A Comparison of the Effectiveness of Surgical and Nonsurgical Treatment of Legg-Calve-Perthes Disease: A Review of the Literature

Musculoskeletal Research Centre, Isfahan University of Medical Sciences, Isfahan, Iran.
Advances in orthopedics 08/2012; 2012(2):490806. DOI: 10.1155/2012/490806
Source: PubMed


Legg-Calve-Perthes disease (LCPD) is a degenerative condition of the hip joint characterised by idiopathic avascular necrosis of the femoral head. Loss of bone mass causes a degree of collapse of the joint and may result in deformity of the ball of the femur and the surface of the hip socket. A reduction in hip joint range of motion, alternation in growth of femoral head, and associated pain are most important problems associated with this disease. Various treatment methods are currently in use and aim to increase containment of the femoral head within the acetabulum, redistribute loading patterns applied to the femoral head, and to decrease the final deformities associated with this condition. These treatments depend on a variety of underlying factors and the aim of this paper was to determine appropriate pathways for treatment and the evidence of treatment method success. A review of the relevant literature was carried out in a variety of data bases including PubMed and ISI Web of Knowledge, and Gale between 1950 and 2011. Research results were categorised depending on the identified treatment method. The success of each treatment pathway was assessed and reasons for the pathway selected were grouped by the age of disease onset, follow-up period, and the final outcome. Evidence relating to the effectiveness of the treatment method used was conflicting. Different methods of screening and follow-up periods were employed in each study which used subjects of varying ages. Minimal evidence of sufficient quality exists in the literature to determine the most appropriate treatment of Legg-Calve-Perthes disease. Research provides some evidence to suggest that nontreatment may be as effective as orthotic or surgical intervention. More research is required to determine the effectiveness of orthotic and surgical treatment.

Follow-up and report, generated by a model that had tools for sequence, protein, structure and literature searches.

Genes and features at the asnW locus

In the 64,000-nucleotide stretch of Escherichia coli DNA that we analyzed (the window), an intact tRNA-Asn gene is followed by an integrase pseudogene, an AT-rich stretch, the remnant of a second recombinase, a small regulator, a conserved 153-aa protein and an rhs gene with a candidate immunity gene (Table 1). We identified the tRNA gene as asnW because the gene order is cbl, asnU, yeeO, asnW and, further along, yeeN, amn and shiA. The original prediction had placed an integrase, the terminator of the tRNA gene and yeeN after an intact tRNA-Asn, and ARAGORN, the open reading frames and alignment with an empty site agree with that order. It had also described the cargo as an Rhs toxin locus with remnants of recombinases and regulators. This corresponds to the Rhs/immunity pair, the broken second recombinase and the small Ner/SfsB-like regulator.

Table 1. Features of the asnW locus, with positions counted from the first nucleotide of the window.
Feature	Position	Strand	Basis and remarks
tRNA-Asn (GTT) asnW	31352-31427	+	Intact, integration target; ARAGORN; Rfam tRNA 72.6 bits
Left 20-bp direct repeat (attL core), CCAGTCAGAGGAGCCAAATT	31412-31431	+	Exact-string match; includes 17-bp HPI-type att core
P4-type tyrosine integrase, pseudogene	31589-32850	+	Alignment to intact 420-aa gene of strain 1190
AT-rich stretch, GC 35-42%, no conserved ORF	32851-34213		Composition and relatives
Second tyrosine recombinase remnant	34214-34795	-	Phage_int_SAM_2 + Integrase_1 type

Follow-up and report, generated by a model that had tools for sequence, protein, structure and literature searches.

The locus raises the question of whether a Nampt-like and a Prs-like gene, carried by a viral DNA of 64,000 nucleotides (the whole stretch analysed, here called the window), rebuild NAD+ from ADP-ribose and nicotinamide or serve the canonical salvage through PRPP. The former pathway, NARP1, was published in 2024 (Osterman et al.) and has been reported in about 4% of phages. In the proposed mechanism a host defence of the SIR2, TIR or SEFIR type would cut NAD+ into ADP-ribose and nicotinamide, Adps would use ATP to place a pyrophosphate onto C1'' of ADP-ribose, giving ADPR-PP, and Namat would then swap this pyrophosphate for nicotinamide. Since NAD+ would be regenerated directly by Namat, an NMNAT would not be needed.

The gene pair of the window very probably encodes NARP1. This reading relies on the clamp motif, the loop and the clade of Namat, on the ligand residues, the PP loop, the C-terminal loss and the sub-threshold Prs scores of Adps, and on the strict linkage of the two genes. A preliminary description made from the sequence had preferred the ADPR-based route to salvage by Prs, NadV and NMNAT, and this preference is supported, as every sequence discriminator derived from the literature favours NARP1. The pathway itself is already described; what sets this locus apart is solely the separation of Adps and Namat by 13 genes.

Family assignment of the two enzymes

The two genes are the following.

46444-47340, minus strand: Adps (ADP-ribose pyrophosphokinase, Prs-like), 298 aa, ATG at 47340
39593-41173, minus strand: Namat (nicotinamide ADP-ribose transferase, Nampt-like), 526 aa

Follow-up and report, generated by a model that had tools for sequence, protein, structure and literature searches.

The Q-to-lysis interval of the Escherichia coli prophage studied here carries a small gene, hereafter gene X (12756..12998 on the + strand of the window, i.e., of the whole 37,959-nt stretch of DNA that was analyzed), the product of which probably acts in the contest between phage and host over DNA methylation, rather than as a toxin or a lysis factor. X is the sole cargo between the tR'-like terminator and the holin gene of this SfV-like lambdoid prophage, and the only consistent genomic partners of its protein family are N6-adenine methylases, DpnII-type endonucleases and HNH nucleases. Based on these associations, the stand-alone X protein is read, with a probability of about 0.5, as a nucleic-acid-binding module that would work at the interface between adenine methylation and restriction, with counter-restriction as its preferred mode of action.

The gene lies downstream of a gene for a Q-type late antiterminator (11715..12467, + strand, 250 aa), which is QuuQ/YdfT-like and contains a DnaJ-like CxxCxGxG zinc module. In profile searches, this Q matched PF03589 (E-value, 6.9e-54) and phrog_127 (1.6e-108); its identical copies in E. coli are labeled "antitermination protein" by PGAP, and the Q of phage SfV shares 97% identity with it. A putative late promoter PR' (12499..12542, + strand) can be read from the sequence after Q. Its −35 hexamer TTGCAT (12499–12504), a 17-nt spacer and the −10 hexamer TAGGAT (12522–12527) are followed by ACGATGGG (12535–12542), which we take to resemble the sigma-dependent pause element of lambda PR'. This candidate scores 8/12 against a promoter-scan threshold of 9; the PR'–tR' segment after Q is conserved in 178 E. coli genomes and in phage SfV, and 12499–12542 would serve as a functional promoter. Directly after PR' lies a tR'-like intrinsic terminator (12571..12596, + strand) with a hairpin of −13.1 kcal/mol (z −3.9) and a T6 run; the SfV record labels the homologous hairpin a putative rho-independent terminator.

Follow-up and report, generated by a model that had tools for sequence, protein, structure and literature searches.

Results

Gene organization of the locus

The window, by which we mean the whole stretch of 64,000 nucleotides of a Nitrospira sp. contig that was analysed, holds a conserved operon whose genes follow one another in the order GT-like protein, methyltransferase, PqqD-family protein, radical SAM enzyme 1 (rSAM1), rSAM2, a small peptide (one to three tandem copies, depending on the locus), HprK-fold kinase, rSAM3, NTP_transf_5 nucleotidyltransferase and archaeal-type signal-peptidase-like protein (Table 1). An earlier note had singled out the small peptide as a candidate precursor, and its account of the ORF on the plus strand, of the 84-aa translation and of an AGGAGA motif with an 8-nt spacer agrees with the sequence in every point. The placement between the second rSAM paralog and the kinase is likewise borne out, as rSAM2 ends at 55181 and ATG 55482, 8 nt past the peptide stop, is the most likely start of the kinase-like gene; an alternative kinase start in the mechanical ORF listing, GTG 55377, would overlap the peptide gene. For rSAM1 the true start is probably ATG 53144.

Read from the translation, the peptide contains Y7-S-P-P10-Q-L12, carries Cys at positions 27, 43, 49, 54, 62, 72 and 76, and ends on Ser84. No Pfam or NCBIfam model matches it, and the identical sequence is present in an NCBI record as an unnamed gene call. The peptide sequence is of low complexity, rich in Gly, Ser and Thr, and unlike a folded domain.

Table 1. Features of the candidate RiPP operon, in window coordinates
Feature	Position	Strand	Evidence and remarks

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Available from: Mohammad Karimi, Dec 15, 2014
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    ABSTRACT: Background: Legg-Calve-Perthes' Disease (LCPD) is an idiopathic avascular necrosis of the femoral head. It affects children between four and 10 years. Male : female ratio of 4:1. The main aim of treatment is to get an acceptable containment of a spherical head with good range of motion. Ideal way of treatment remains controversial. Objectives: To study patterns of presentations and outcome of management of patients with LCPD treated at Soba University Hospital. Materials and Methods: Records of patients with LCPD who were treated at Soba University Hospital between 2005 and 2013 were reviewed. There were 43 patients (46 hips). Their patterns of presentation, follow up notes and imaging as well as clinical and radiological outcome were reviewed. Results: There were 43 patients 29 Males and 14 females (2:1) with 46 hips. Their ages ranged between 4 and 12 years (mean 7.7). 74.4% of patients were from low socioeconomic strata of the society. 9.3% of patients had family history and 58.1% had history of trauma. Painless limp was the presenting complaint in 88.4%. Herring lateral pillar classification was used; 43.5%) group A, 37.0% B, 13.0% B/C and 6.5% C. Thirty four hips (73.9%) had conservative treatment using Ischial Weight Bearing Calliper and physiotherapy in Lotus (Fagir) sitting Position and 12 hips (26.1%) had surgical treatment. Thirty one hips (67.4%) of those who were treated conservatively healed with Stulberg I or II, while 7 hips (58%) of those who underwent surgery with Stulberg I or II. Most of patients who presented at age less than 6 years healed with Stulberg I or II. Conclusion: LCPD affects children of low class. Prognosis is generally good when the age at onset less than 6 years. Herring's lateral pillar classification is a reliable method of classification. Conservative treatment using Ischial Weight Bearing Calliper and physiotherapy in Lotus (Fagir) sitting Position has good outcome.
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